The 3-D Art Director. Ivan Arthur on Sudhir Deokar

03 Jan,2014

Ivan Arthur, former National Creative Director of Hindustan Thompson Associates (what’s now called JWT), pays tribute to Sudhir Deokar, his soulmate and creative chief of HTA’s hyperactive Mumbai office. Mr Deokar passed away last week.

 

By Ivan Arthur

 

The early 60s. I was a cub writer then, Sudhir a young tiger. Every day I watched him roar, bold and resonant on his easel. And I cowered behind my table wondering what I was doing in a place like this? Tentatively I handed him a line for an Esso advertisement, expecting a growl of disapproval. He looked at it for a moment and with the salivary articulation of well-chewed paan, he said: “Tomorrow.” The next morning I glanced at his easel and grew a hundred feet tall. There was my line on his layout, for sure, but barely recognizable even to me.  Sudhir had made it resonate beyond the thesaurus.

 

He did this always. He took lines and gave them roundness, movement, dimension, resulting in halos for copywriters, account directors, clients and their brands. He freed the Air-India Maharaja from the croquill’s ruthless line and caressed him with that soft roundness. He poured sex appeal into Haryana Breweries’ beer barrels, played mid-wife to both DCM and Wipro Data Products and placed Hamdard on the medical pedestal it deserved. Name any Thompson brand from the early sixties to the Millenium year; Sudhir has gilded it with his brush. He retired as Creative Chief of the Mumbai office of HTA.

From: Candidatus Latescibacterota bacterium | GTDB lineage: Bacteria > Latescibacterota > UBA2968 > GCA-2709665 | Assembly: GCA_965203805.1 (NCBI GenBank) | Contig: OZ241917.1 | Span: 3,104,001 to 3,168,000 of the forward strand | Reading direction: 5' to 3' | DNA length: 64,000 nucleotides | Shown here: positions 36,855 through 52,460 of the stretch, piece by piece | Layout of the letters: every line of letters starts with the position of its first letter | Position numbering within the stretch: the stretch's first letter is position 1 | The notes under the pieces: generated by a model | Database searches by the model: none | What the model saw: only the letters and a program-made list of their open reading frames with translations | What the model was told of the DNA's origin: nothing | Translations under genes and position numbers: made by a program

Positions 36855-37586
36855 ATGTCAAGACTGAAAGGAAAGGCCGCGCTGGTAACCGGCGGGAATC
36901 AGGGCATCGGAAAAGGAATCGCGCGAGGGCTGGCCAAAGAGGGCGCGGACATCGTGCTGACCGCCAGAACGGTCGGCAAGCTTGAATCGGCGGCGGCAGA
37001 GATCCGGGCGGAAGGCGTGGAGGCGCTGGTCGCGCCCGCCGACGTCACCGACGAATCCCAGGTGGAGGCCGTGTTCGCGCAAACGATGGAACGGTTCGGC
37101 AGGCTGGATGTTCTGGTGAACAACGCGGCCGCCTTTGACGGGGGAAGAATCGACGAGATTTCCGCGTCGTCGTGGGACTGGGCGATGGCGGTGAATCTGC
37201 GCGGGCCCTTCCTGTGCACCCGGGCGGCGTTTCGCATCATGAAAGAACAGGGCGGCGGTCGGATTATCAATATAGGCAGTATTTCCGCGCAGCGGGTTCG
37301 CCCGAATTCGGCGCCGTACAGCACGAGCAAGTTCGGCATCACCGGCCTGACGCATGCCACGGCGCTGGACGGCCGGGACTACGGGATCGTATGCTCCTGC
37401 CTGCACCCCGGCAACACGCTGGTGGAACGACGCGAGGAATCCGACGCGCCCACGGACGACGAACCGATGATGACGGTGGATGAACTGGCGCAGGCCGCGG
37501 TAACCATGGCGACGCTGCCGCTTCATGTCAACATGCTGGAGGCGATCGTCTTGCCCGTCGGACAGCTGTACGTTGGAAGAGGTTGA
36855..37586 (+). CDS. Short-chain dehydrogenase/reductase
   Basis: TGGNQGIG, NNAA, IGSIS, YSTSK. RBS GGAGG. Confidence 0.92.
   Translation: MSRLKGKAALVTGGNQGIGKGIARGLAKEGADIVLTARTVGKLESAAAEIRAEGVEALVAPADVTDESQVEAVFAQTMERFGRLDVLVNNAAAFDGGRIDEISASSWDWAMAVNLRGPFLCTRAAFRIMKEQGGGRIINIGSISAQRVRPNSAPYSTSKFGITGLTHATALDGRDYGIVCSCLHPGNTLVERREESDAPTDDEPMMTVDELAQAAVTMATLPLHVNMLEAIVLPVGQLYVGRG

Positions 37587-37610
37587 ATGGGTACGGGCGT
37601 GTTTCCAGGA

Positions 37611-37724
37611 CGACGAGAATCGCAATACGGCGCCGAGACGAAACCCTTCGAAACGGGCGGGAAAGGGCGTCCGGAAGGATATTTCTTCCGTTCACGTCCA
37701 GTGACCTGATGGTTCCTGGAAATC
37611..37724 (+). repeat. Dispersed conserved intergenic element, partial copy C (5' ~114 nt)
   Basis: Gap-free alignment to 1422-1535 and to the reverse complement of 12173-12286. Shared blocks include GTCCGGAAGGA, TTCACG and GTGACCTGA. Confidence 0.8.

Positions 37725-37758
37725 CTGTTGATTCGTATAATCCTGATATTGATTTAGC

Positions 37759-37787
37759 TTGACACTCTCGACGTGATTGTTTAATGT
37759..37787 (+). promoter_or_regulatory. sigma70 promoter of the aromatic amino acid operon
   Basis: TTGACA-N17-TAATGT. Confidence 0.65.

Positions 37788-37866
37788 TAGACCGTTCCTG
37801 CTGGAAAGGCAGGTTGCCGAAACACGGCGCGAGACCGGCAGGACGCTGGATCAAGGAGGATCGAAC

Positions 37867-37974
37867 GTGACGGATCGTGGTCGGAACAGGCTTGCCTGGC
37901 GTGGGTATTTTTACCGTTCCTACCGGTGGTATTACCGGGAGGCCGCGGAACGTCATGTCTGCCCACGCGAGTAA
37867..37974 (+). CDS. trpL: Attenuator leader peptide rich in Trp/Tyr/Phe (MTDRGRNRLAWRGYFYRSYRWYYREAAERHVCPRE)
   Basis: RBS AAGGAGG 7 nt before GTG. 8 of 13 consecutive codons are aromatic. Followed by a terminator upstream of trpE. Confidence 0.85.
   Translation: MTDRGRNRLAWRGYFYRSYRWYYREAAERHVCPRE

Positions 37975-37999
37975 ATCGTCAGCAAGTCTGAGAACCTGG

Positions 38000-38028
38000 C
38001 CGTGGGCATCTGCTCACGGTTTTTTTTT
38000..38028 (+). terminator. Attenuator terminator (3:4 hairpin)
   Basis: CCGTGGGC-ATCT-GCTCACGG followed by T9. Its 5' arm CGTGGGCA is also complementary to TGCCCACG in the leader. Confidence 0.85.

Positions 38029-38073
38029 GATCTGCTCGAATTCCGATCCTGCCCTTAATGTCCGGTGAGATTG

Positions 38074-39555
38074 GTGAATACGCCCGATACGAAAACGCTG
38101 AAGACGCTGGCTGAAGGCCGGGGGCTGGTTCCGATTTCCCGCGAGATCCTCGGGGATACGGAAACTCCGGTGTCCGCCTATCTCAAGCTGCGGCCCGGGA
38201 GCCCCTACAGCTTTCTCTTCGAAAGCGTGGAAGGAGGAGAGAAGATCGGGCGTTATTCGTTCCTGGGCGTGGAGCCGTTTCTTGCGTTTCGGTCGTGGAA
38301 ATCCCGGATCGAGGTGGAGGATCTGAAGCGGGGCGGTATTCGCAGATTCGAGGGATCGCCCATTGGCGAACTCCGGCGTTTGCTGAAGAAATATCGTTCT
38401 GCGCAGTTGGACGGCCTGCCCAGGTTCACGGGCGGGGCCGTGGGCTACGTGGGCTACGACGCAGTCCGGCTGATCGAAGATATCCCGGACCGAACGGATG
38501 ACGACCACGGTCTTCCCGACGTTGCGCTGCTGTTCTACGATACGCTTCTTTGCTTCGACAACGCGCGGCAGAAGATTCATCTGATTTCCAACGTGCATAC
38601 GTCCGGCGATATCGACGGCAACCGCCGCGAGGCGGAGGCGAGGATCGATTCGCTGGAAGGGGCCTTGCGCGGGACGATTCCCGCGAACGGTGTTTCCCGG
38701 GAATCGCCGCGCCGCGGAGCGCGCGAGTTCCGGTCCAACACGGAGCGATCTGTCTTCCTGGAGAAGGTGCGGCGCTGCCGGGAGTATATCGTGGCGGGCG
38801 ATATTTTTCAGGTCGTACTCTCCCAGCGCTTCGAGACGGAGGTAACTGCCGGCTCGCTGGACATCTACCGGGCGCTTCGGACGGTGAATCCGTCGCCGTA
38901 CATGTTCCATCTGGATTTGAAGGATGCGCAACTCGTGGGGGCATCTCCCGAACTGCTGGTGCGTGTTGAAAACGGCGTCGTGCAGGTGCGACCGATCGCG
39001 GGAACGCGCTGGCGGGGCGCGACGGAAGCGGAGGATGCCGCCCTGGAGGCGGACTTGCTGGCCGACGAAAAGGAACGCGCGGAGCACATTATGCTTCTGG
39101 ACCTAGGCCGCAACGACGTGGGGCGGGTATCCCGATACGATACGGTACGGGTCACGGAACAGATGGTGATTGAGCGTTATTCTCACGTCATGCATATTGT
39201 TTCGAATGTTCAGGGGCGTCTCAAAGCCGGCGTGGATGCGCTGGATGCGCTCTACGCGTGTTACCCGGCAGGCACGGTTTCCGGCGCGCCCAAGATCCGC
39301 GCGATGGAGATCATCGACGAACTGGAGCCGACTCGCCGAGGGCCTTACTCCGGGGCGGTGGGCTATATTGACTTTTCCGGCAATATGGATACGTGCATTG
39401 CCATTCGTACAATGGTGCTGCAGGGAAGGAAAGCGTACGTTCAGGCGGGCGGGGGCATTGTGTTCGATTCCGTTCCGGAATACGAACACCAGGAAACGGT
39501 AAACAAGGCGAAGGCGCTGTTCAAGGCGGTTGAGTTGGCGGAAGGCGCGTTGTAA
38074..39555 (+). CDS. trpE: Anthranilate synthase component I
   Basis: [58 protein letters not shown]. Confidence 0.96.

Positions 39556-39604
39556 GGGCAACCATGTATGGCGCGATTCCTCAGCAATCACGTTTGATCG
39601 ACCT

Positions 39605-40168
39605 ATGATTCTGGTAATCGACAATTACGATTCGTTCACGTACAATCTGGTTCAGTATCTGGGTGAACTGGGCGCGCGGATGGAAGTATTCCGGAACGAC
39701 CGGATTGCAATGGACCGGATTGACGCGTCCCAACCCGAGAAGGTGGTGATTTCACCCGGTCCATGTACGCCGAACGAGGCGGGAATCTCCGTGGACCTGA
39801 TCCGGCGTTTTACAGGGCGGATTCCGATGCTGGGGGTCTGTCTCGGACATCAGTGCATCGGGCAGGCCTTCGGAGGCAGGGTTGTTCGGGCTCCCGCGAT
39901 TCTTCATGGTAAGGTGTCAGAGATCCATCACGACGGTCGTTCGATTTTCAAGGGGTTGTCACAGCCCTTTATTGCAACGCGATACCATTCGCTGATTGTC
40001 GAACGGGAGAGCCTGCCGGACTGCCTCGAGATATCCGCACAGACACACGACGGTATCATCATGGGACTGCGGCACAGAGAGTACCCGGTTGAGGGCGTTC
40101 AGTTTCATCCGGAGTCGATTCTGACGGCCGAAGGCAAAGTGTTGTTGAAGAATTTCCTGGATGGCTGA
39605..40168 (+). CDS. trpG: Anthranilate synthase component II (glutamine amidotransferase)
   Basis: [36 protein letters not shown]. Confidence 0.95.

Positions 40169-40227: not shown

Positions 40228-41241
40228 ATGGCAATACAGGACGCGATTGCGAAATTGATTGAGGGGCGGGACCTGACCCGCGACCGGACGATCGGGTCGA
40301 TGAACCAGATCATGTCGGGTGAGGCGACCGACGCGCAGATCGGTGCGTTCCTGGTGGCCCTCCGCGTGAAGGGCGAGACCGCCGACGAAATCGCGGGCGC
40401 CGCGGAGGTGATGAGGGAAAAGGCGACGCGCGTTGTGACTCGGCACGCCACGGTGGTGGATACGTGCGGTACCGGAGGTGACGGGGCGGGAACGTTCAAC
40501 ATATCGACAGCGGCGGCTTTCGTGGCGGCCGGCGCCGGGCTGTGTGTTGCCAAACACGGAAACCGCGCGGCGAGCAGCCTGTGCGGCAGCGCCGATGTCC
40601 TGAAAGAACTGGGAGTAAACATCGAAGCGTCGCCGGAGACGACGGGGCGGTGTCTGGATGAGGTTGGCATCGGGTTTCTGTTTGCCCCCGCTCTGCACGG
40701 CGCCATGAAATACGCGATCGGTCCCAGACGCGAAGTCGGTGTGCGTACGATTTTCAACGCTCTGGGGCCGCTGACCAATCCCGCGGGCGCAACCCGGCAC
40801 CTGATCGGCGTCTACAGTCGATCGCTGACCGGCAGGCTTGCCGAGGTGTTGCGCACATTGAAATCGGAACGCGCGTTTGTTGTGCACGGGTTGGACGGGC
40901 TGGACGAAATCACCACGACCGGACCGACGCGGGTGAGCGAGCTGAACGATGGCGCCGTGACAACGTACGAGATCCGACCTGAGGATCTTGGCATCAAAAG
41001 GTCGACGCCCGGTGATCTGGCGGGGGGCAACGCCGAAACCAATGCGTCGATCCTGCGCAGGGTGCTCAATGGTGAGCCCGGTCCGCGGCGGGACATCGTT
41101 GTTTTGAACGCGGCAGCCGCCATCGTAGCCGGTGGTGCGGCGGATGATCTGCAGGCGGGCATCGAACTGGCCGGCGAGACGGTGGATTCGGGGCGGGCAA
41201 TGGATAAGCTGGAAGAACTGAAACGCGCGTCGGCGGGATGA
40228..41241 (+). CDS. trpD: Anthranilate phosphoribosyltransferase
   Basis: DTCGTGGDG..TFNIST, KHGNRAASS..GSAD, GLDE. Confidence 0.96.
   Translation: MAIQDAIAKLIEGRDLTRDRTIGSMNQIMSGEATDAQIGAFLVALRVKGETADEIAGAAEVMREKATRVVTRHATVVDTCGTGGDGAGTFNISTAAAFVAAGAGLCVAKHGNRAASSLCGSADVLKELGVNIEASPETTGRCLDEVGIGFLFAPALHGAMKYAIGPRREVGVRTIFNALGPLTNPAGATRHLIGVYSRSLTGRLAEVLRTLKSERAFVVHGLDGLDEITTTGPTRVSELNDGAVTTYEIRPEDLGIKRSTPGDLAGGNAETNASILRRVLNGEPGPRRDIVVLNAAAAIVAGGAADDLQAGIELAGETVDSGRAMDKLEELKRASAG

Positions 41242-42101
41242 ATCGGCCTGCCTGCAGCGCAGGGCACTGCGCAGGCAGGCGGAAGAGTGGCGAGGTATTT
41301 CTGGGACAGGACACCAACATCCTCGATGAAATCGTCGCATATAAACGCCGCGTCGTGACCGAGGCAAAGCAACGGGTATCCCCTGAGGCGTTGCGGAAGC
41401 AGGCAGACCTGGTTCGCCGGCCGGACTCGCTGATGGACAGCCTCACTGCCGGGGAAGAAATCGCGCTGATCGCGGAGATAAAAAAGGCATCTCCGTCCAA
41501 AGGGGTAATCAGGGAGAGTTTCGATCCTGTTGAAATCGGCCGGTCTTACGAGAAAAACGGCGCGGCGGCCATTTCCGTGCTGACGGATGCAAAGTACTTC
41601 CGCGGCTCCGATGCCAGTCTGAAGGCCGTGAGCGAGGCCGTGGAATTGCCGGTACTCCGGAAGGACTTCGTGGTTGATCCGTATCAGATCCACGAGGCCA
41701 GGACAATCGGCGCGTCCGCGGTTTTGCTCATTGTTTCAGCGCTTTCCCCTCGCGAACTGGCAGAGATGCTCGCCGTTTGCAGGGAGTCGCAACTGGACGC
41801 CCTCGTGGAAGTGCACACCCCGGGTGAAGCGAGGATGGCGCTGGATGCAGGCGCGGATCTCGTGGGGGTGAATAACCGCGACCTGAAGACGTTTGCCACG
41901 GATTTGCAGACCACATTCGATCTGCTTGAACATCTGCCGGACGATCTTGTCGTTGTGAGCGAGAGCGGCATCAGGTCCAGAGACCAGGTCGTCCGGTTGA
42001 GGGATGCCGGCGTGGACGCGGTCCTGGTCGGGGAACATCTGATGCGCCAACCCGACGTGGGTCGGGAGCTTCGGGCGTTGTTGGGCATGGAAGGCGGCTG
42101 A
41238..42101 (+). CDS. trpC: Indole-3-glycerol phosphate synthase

He worked his magic with 6-B pencil, croquill, Rotring, Indian ink, water-colours and his sable hair wand; conjuring up caricatures, cartoons, stylized drawings and life-like water colours; his 20-minute layouts often used as artwork. Artwork became works of art, clients having them framed and put up in their offices. His visualisation of human situations or tabletop was photographically perfect. When the final picture was taken in the studio, you might not be able to tell the difference between the photographed picture and the 20-minute wash drawing. Mitter Bedi, Obi, Salian and so many others would marvel at the lens that was Sudhir’s eye.

 

For close to three decades he gave my work the visual sanctification of his brush, and I feel blessed. I know that many who came before and after me will echo my feelings. He had the bigness and breadth to work with most anyone – from trainee to guru. Many of his trainees are gurus now. I look with awe today at a generation that thrives on the digital evacuation of ideas, but I still thrill to the memory of those visual insights shaped by hand and eye by artists like Sudhir. He was loved by all – from the most cussed of executives to the most difficult of clients.

 

Besides being my creative soulmate, Sudhir became a friend of the family. His passing is a deep gash that my soul will have to bear for ever.

 

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